For those of you who have never dealt with options before, the idea of using a covered call on a stock position you own may seem like a foreign concept. Let's first explain what an option is. In the most basic sense an option either gives you the right to buy ("call") or sell ("put") an equity at a determined strike price within a certain period of time.
Options chains are displayed on just about every financial quoting website out there such as Yahoo and CNBC. An options chain displays the current ask/bid prices for options at different expiration dates and strike prices.
Let's take an example. Looking at the options chain for McDonald's (NYSE:MCD), we can see that the Jun 12 $92.50 call option's ask price is at $89 at the time of writing. If you were to buy this option it would cost you $89 plus commissions. Owning this option gives you the right to buy shares of MCD at $92.50 at any time before or on the third Friday of June 2012. Say MCD goes up to $100 the first week of June. You can exercise your option and buy the shares at $92.50 even though they are trading at $100. You'll have an immediate gain of $7.50.
Many traders use options for leverage. You essentially control 100 shares of an underlying equity for a fraction of the cost. If someone were to believe a short-term spike in the price of MCD stock that person could buy shares outright on the market at say $92 a share. Or the person could buy call options for MCD and control a much larger quantity of MCD stock for a fraction of the capital required for the position.
There are numerous ways to trade options and if you are interested I suggest you get a good book because it can get complicated in a hurry. For now, though, we are only interested in selling call options on positions we own in our long-term growth portfolio.
A covered call option is an option that is "covered" by owning 100 shares of the underlying equity. It is considered covered because we already own the shares and if the call option is exercised there shouldn't be any problem in delivering those shares to the owner of the call option.
Selling covered call options is a great way to increase returns and supply a little more capital through selling to buy more stock in great dividend growth companies. Let's take another example.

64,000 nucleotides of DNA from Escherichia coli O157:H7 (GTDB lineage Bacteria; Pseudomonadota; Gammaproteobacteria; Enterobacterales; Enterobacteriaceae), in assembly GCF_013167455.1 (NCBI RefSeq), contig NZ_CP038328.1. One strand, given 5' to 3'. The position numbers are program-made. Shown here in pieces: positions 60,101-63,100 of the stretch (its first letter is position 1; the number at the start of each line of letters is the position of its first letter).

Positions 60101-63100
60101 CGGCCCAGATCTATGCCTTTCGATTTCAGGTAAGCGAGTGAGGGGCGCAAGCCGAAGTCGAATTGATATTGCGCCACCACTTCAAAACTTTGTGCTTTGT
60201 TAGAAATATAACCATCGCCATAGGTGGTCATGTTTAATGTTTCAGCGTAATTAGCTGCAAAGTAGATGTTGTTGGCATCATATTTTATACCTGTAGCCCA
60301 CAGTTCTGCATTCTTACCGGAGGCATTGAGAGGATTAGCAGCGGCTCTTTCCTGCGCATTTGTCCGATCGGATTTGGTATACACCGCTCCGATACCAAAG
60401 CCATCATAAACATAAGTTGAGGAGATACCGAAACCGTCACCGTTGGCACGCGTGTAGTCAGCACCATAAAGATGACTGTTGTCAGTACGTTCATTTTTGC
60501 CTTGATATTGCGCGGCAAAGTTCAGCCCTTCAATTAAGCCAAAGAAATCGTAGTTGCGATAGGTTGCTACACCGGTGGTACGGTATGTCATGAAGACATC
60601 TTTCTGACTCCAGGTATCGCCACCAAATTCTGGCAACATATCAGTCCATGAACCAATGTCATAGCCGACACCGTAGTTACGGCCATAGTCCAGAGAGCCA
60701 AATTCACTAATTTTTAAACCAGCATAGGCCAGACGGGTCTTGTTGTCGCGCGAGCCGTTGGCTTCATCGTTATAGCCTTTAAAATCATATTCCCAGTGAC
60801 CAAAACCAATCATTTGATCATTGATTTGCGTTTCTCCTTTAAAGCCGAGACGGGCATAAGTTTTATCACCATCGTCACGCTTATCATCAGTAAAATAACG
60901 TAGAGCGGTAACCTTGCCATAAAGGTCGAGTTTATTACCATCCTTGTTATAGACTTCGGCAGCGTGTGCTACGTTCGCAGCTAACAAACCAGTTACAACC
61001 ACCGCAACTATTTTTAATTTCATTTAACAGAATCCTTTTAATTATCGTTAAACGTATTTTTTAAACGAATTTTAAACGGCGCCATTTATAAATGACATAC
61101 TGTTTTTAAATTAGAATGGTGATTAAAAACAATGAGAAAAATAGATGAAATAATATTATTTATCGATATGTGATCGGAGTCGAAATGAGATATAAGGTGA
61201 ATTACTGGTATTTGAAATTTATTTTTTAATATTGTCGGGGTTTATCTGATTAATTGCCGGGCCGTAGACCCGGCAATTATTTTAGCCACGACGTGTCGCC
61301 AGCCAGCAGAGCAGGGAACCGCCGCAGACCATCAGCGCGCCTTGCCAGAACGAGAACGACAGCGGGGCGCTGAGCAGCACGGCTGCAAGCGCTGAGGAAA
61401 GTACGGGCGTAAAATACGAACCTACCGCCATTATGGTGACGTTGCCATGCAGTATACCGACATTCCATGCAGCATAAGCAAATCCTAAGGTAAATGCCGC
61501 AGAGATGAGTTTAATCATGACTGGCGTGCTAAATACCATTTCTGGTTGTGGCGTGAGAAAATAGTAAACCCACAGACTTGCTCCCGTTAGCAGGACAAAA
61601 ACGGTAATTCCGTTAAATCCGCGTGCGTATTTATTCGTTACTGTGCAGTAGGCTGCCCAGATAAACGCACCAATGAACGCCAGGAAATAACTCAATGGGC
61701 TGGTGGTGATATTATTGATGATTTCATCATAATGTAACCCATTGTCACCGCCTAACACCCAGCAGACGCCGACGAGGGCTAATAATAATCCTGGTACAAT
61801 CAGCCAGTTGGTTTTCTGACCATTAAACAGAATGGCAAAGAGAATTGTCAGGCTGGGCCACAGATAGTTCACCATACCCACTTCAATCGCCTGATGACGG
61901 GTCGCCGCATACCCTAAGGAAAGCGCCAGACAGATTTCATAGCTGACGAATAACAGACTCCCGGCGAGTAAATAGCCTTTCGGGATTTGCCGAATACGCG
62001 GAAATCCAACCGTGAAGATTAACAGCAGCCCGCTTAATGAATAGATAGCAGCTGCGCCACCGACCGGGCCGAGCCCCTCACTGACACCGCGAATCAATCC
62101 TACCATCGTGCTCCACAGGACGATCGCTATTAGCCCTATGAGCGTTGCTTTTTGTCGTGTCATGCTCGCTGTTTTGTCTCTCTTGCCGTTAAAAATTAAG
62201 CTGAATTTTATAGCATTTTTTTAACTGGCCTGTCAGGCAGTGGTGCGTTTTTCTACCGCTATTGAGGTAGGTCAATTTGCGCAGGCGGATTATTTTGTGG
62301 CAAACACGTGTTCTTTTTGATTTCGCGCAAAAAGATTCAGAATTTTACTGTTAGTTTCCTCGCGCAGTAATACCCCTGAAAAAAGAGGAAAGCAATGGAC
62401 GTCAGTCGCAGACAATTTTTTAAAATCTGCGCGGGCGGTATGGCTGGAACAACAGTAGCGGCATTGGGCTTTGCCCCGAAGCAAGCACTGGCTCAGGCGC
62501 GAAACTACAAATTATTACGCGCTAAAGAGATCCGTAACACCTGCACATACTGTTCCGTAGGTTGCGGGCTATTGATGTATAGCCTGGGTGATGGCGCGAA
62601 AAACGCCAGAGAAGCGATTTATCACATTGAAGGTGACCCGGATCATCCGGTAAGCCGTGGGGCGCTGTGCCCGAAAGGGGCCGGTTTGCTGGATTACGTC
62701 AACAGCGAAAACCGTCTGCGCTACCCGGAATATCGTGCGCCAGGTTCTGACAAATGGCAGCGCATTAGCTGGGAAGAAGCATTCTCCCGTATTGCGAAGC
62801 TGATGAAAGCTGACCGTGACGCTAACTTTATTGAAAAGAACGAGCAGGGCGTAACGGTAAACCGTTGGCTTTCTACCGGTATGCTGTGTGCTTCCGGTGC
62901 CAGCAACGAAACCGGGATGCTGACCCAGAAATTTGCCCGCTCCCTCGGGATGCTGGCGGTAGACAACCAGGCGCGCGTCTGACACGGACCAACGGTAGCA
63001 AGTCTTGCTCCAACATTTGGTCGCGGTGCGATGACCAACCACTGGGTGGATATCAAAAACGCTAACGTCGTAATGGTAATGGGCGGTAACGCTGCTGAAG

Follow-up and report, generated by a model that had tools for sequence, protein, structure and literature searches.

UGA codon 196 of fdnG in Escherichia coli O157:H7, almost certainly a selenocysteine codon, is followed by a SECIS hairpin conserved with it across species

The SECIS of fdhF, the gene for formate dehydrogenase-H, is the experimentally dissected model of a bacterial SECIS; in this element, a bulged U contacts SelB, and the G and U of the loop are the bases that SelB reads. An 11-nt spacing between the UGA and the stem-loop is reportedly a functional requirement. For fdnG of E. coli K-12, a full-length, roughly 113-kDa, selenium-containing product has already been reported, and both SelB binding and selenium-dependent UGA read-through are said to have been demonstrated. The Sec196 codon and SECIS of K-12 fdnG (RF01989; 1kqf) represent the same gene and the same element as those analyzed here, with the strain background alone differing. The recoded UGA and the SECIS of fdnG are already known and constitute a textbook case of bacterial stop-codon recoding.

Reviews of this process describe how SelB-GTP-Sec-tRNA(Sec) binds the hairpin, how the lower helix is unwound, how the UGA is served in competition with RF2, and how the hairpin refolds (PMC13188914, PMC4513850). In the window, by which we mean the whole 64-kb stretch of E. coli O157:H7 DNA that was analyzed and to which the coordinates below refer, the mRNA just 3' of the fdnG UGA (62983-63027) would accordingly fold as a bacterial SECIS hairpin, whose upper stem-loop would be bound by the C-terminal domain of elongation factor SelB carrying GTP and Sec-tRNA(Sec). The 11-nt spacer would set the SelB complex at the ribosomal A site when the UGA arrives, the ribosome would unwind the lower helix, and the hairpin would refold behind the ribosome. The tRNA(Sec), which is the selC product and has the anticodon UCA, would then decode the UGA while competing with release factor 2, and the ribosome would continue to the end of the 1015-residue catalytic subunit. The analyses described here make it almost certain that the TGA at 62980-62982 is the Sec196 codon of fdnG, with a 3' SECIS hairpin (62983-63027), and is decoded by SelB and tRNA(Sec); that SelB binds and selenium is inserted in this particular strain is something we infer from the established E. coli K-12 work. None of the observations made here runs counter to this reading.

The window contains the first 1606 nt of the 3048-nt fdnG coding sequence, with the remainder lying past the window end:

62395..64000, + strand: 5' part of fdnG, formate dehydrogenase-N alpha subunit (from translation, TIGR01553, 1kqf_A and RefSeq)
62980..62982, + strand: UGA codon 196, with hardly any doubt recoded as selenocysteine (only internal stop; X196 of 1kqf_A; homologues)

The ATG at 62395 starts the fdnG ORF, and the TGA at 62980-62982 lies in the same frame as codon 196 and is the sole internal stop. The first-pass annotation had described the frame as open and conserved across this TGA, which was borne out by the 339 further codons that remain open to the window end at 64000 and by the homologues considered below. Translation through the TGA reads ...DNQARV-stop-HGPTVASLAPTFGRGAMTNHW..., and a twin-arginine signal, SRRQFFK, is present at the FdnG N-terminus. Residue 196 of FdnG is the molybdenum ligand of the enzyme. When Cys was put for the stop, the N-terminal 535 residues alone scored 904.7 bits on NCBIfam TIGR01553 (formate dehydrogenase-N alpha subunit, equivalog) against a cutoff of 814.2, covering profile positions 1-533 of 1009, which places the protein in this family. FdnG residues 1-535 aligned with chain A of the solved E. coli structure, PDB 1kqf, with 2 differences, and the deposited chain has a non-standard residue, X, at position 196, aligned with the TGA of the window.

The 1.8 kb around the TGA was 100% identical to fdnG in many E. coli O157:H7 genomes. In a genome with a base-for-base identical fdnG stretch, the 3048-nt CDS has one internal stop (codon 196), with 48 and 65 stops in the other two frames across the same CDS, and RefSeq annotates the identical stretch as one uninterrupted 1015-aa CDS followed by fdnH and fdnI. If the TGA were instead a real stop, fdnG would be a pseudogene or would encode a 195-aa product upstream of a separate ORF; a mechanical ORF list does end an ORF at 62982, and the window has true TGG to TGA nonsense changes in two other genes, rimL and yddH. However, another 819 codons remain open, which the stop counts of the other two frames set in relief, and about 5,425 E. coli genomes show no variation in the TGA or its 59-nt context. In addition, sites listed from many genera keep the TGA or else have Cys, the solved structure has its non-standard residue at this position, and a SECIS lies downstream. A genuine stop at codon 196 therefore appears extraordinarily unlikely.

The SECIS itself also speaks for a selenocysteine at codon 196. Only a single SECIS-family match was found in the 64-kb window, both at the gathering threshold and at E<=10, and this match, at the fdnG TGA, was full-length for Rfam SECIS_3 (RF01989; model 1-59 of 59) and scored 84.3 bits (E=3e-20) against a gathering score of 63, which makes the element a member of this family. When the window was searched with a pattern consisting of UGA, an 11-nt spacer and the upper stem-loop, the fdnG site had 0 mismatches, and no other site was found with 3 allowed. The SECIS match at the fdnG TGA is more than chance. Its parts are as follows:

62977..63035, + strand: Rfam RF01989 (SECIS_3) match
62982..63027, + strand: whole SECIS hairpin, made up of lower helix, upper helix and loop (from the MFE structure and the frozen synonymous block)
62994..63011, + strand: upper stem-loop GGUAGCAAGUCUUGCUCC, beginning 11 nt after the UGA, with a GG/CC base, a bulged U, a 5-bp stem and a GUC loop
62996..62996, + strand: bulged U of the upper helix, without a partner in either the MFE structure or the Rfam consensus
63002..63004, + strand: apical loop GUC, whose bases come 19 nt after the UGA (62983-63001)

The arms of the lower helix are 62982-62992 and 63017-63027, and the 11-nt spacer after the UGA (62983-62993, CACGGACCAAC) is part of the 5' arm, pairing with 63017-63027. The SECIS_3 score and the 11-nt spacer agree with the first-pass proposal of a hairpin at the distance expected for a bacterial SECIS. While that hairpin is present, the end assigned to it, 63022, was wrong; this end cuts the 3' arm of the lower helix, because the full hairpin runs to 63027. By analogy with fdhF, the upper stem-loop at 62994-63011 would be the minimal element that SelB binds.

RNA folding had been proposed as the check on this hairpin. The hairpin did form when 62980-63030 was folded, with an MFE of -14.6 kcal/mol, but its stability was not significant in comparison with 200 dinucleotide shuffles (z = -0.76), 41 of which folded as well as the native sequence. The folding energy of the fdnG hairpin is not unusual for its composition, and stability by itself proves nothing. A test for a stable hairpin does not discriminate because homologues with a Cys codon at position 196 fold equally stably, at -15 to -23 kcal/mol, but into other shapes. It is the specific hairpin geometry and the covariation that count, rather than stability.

Say you own 200 shares of Potash Corporation of Saskatchewan Inc. (NYSE:POT) at an average price of $39. We could sell 2 x July 12 $43 call options at the bid price at the time of this writing of $81. We would immediately pocket $162 minus commissions that we get to keep. That's 2.08% return for about a two-month period or an extra 12% annually if you could pull it off 6 times in a year. A couple of different outcomes can happen now. The price of POT goes above the $43 strike price and the call is exercised. If this happens you get a decent capital gain of $800 plus the $162 premium you got from selling the calls. Now, we as long-term investors don't necessarily want to sell our shares. We could at any time buy back the options we sold, possibly at a loss, to prevent having to sell our shares. The other outcome is the price of POT stays below $43 before expiring on the third Friday of July. The option expires worthless, you keep your 100 shares of POT, and get $162 in covered call premium for your trouble.
Given the example, you can start to understand how covered calls can provide a steady stream of capital to help finance additional dividend growth stock positions. It's not without risks however. You have to be willing to sell your shares and you need to understand how writing covered calls can affect your qualified dividend status as well as your stock holding period that is used for long- or short-term capital gains tax. In short, as long as you sell out of the money calls with more than 30 days to expiration but less than a year to expiration, the covered call positions should not impact either your holding time for determining long- versus short-term capital gains or your qualified dividend status on the underlying shares. An out of the money call option is an option with a strike price higher than the current share price of the underlying shares.